Ashby, F. G., Isen, A. M., & Turken, A. U. (1999). A neuropsychological theory of positive affect and its influence on cognition. Psychological Review, 106(3), 529-550.
|March 8||Somatic Markers||
Bechara, A., Damasio, A. R., & Damasio, H. (2000). Emotion, decision making, and the orbitofrontal cortex. Cerebral Cortex, 10, 295-307.
Dunn, B. D., Dalgleish, T., & Lawrence, A. D. (2006). The somatic marker hypothesis: A critical evaluation. Neuroscience and biobehavioral reviews, 30, 239-271.
|March 15||No Class, Spring Break||
|March 22||Cognitive neuroscience and motivation||
Frank, M. J., & Claus, E. D. (2006). Anatomy of a decision: Striato-orbitofrontal interactions in reinforcement learning, decision making, and reversal. Psychological Review, 113(2), 300-326.
Daw, N. D., O'Doherty, J. P., Dayan, P., Seymour, B., & Dolan, R. J. (2006). Cortical substrates for exploratory decisions in humans. Nature, 441, 876-879.
Aston-Jones, G., & Cohen, J. D. (2005). An integrative theory of locus coeruleus-norepinephrine function: Adaptive gain and optimal performance. Annual Review of Neuroscience, 28, 403-450.
|March 29||Cognitive neuroscience and motivation||
Montague, P. R., Hyman, S. E., & Cohen, J. D. (2004). Computational roles for dopamine in behavioural control. Nature, 431, 760-767.
Schoenbaum, G., Roesch, M. R., Stalnaker, T. A., & Takahashi, Y. K. (2009). A new perspective on the role of orbitofrontal cortex in adaptive behavior. Nature Reviews Neuroscience, 10, 885-892.
Read, S. J., Monroe, B. M., Brownstein, A. L., Yang, Y., Chopra, G., & Miller, L. C. (2010). A neural network model of the structure and dynamics of human personality. Psychological Review, 117(1), 61-92.
|April 5||Regulatory Focus||
Higgins, E. T. (1997). Beyond pleasure and pain. American Psychologist, 52(12), 1280-1300.
Shah, J., & Higgins, E. T. (1997). Expectancy * value effects: Regulatory focus as determinant of magnitude and direction. Journal of Personality and Social Psychology, 73(3), 447-458.
|April 12||Regulatory Fit||
Maddox, W. T., Baldwin, G. C., & Markman, A. B. (2006). Regulatory focus effects on cognitive flexibility in rule-based classification learning. Memory and Cognition, 34(7), 1377-1397.
Worthy, D. A., Maddox, W. T., & Markman, A. B. (2007). Regulatory fit effects in a choice task. Psychonomic Bulletin and Review, 14(6), 1125-1132.
Maddox, W. T., Filoteo, J. V., Glass, B. D., & Markman, A. B. (in press). Regulatory match effects on a modified Wisconsin Card Sort task. Journal of the International Neuropsychological Society.
Maddox, W. T., Markman, A. B., & Baldwin, G. C. (2006). Using classification to understand the motivation-learning interface. Psychology of Learning and Motivation, 47, 213-250.
|April 19||Stereotype Threat||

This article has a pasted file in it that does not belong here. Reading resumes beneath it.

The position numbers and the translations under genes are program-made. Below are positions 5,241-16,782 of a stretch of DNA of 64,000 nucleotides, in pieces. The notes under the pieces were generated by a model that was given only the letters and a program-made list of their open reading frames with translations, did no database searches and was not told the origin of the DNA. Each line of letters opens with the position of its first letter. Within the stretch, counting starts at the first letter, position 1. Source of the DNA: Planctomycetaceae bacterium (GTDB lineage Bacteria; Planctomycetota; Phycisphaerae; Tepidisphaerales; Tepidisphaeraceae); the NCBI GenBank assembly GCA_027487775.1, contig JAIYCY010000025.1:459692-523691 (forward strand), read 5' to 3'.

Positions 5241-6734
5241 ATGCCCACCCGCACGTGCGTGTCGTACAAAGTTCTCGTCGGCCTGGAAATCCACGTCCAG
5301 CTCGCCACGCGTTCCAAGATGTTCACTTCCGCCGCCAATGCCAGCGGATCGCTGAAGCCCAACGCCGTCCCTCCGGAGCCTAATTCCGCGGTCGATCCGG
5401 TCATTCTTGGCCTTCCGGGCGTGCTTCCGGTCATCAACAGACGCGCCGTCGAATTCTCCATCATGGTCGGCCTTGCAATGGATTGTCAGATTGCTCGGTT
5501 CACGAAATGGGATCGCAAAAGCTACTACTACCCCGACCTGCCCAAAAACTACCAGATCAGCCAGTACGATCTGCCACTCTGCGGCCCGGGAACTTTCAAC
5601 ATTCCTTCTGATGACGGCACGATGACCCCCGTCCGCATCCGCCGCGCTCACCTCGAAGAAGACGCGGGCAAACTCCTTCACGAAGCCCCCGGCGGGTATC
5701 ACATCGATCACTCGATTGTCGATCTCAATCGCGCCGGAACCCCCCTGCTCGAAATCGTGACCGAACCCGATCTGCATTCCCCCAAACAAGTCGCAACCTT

Steele, C. M., & Aronson, J. (1995). Stereotype threat and the intellectual test performance of African Americans. Journal of Personality and Social Psychology, 69(5), 797-811.
Beilock, S. L., Jellison, W. A., Rydell, R. J., McConnell, A. R., & Carr, T. H. (2006). On the causal mechanisms of stereotype threat: Can skills that don't rely heavily on working memory still be threatened? Personality and Social Psychology Bulletin, 32(8), 1059-1071.
|April 26||Choking under pressure||
Masters, R. S. W. (1992). Knowledge, knerves, and know-how: The role of explicit versus implicit knowledge in the breakdown of a complex motor skill under pressure. British Journal of Psychology, 83, 343-358.
Gray, R. (2004). Attending to the execution of a complex sensorimotor skill: Expertise differences, choking, and slumps. Journal of Experimental Psychology: Applied, 10(1), 42-54.
Markman, A. B., Maddox, W. T., & Worthy, D. A. (2006). Choking and excelling under pressure. Psychological Science, 17(11), 944-948.
Worthy, D. A., Markman, A. B., & Maddox, W. T. (2009). What is Pressure? Evidence for Social Pressure as a Type of Regulatory Focus. Psychonomic Bulletin and Review, 16(2), 344-349.
Beilock, S. L., Kulp, C. A., Holt, L. E., & Carr, T. H. (2004). More on the fragility of performance: Choking under pressure in mathematical problem solving. Journal of Experimental Psychology: General, 133(4), 584-600.
|May 3||Motivation in education and in the workplace.||
Pintrich, P. R. (2003). A motivational science perspective on the role of student motivation in learning and teaching contexts. Journal of Educational Psychology, 95(4), 667-686.
Elliot, A. J. (1999). Approach and avoidance motivation and achievement goals. Educational Psychologist, 34(3), 169-189.
Lord, R. G., Diefendorff, J. M., Schmidt, A. M., & Hall, R. J. (2010). Self-regulation at work. Annual Review of Psychology, 61, 543-568.
Pomerantz, E. M., & Dong, W. (2006). Effects of mothers' perceptions of children's competence: The moderating role of mothers' theories of competence. Developmental Psychology, 42(5), 950-961.